Purzycki, B. G., Apicella, C., Atkinson, Q., Cohen, E., McNamara, R. A., Willard, A. K., Xygalatas, D., Norenzayan, A., and Henrich, J. (2016). Moralistic Gods, Supernatural Punishment and the Expansion of Human Sociality. Nature, 530(7590): 327-330. [Protocols and methods; R Scripts]
Purzycki, B. G., & Gibson, K. (2011). Religion and Violence: An Anthropological Study on Religious Belief and Violent Behavior. Skeptic, 16(2): 22-27.
5. The Tyva Republic, and the Social and Ecological History of Inner Asian Religion
To address a lot of these questions, I’ve conducted fieldwork in the Tyva Republic (popularly known as “Tuva”; TOO-vuh), a fascinating little republic just north of western Mongolia. Tuvan religion is largely a mixture of Tibetan Buddhism, shamanism, and animism. Tuva is also home to the amazing art of “throat-singing”, where singers split the sound frequencies of their voice into multiple tones. The cultural history and heritage of Tuva is a source of fascination to me, and I’ve written some ethnographic works that detail some of the cultural history of the Republic. I’m presently working on a few projects that examine the external influence that various traditions have had on Tuvan religion throughout history. Among other ethnographic works about Tuva, I’m also working on a cross-cultural study examining similar convergent traditions from around the world.
Purzycki, B. G. (2011b). Tyvan Cher Eezi and the Socioecological Constraints of Supernatural Agents’ Minds. Religion, Brain and Behavior, 1(1): 31-45.
Purzycki, B. G. (2010b). Spirit Masters, Ritual Cairns, and the Adaptive Religious System in Tyva. Sibirica, 9(2): 21-47.
6. Religion’s Secular Utility
I try to test whether or not key components of religion can solve problems, particularly ones that affect survival and reproduction. Just as traditions might exacerbate challenges, components of religion might also be helpful in solving various issues inherent in cooperation and coordination, might prevent people from consuming the wrong things, they might alleviate problems associated with a deteriorating environment, and even help cope with overcoming addiction. If this is the case, can secular, applied research harness religion’s effects? Or is there something particular about religion that is inherently more effective? What are the implications such benefits have for secular institutions and individuals?
Purzycki, B. G., and Sosis, R. (2009). The Religious System as Adaptive: Cognitive Flexibility, Public Displays, and Acceptance. In Voland, Eckart & Schiefenhövel, Wulf (eds.). The Biological Evolution of Religious Mind and Behavior. New York: Springer-Verlag, pp. 243-256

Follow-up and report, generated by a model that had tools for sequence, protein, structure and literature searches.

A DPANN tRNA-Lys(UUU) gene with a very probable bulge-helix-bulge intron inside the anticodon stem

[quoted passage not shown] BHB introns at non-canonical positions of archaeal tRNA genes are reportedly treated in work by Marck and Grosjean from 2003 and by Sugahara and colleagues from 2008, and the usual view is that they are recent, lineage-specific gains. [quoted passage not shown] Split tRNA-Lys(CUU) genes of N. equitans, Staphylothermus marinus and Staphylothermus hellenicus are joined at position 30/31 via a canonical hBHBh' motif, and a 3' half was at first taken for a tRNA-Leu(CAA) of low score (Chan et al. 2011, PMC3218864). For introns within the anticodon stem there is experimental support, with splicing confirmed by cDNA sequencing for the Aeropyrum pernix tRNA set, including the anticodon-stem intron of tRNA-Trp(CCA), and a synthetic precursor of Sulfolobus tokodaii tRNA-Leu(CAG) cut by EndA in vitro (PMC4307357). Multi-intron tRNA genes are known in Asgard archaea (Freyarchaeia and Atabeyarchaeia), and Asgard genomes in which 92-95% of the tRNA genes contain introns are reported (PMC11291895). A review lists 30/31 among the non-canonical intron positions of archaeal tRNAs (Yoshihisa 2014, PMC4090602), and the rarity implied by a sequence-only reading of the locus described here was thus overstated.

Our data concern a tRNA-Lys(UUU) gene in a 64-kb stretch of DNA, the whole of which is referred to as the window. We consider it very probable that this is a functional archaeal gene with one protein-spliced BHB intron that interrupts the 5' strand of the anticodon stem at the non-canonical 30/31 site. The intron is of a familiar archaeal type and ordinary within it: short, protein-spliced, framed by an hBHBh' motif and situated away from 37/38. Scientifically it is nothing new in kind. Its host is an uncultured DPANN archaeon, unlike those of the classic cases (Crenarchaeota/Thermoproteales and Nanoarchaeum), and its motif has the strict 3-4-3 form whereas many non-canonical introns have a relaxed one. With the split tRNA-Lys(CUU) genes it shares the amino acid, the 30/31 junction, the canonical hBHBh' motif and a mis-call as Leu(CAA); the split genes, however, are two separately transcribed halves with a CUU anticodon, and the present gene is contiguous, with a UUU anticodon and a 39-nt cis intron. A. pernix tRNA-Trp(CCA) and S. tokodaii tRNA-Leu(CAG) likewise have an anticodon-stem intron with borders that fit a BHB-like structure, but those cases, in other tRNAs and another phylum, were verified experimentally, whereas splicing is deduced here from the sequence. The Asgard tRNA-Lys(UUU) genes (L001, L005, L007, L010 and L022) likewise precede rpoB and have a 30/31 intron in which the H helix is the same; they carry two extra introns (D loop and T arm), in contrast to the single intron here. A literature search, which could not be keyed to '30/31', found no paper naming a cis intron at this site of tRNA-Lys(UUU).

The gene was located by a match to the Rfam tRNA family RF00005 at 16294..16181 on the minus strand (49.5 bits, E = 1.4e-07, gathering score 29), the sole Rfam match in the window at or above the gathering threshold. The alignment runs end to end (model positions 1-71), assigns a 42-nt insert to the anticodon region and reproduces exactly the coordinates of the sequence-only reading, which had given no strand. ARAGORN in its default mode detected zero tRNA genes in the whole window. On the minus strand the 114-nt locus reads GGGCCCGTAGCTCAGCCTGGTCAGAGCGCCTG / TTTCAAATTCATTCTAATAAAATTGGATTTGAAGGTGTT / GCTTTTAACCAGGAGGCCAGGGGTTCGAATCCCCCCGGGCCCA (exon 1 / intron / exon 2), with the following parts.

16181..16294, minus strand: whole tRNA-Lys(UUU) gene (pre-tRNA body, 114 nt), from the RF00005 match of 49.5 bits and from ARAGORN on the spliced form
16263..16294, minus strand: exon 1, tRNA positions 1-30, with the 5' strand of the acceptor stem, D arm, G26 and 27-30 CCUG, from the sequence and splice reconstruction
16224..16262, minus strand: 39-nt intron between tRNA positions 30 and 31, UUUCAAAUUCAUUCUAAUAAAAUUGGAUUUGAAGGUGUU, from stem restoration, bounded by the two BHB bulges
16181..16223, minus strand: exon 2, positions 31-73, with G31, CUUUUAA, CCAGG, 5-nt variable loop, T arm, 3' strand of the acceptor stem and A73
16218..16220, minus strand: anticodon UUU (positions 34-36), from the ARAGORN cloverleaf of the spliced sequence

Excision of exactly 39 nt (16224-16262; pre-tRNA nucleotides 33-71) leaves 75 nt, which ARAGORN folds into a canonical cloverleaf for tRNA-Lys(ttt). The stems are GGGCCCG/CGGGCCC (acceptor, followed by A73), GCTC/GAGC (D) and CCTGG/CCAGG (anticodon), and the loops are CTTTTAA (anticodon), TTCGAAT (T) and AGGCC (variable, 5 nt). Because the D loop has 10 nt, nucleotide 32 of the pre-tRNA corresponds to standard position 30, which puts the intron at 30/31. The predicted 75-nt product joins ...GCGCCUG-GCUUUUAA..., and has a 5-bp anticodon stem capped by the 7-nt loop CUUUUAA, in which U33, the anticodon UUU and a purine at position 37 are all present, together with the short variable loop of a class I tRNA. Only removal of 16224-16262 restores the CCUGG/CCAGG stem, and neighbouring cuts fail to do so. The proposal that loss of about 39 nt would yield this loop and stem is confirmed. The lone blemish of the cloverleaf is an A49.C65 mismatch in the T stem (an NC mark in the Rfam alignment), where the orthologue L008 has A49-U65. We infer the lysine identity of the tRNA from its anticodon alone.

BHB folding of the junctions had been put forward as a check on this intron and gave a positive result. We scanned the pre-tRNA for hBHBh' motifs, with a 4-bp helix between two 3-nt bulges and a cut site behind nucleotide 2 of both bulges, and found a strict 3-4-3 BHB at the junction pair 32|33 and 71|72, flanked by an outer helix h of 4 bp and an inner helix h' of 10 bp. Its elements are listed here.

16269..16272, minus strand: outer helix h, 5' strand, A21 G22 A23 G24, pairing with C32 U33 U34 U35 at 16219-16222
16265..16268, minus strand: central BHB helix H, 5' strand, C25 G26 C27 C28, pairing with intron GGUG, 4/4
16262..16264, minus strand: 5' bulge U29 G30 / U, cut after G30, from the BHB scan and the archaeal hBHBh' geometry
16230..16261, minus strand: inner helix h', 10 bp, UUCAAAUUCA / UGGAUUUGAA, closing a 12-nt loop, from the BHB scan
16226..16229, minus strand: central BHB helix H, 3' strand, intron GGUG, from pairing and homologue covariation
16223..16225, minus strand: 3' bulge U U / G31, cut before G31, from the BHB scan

Purzycki, B. G., Haque, O., and Sosis, R. (2014). Extending Evolutionary Accounts of Religion beyond the Mind: Religions as Adaptive Systems. In Watts, Fraser, and Turner, Léon (eds.). Evolution, Religion, and Cognitive Science: Critical and Constructive Essays. Oxford: Oxford University Press, pp. 74-91.
Shariff, A., Purzycki, B. G., and Sosis, R. (2014). Religions as Cultural Solutions to Social Living. In A.B. Cohen (ed.). Culture Reexamined: Broadening Our Understanding of Social and Evolutionary Influences. Washington D.C.: American Psychological Association, pp. 217-238.
In “A Study in Scarlet”, Sherlock Holmes said that “One’s ideas must be as broad as Nature if they are to interpret Nature”. This resonates with Eric Wolf’s sentiments in Europe and the People without History (1982) where he writes that “the world of humankind constitutes a manifold, a totality of interconnected processes, and inquiries that disassemble this totality into bits and then fail to reassemble it falsify reality” (3). He asks: “If there are connections everywhere, why do we persist in turning dynamic, interconnected phenomena into static, disconnected things?” (4). While such holism is satisfying and overcomes problems of crude reductionism, it is often accompanied by weak methodology that leads to sweeping narratives that leave out precise accounts of how these “connected things” interact. I strive to embrace the elegance of holism without sacrificing the precision afforded by methodological reductionism by conducting research that examines the links between various analytical levels (e.g., cognitive architecture, mental culture, social psychology, society, ecology, and natural environment). Such an approach is inherently fun, non-disciplinary, and keeps me very busy. I use ethnographic, psychological, behavioral economic, and cognitive anthropological methods together as much as possible.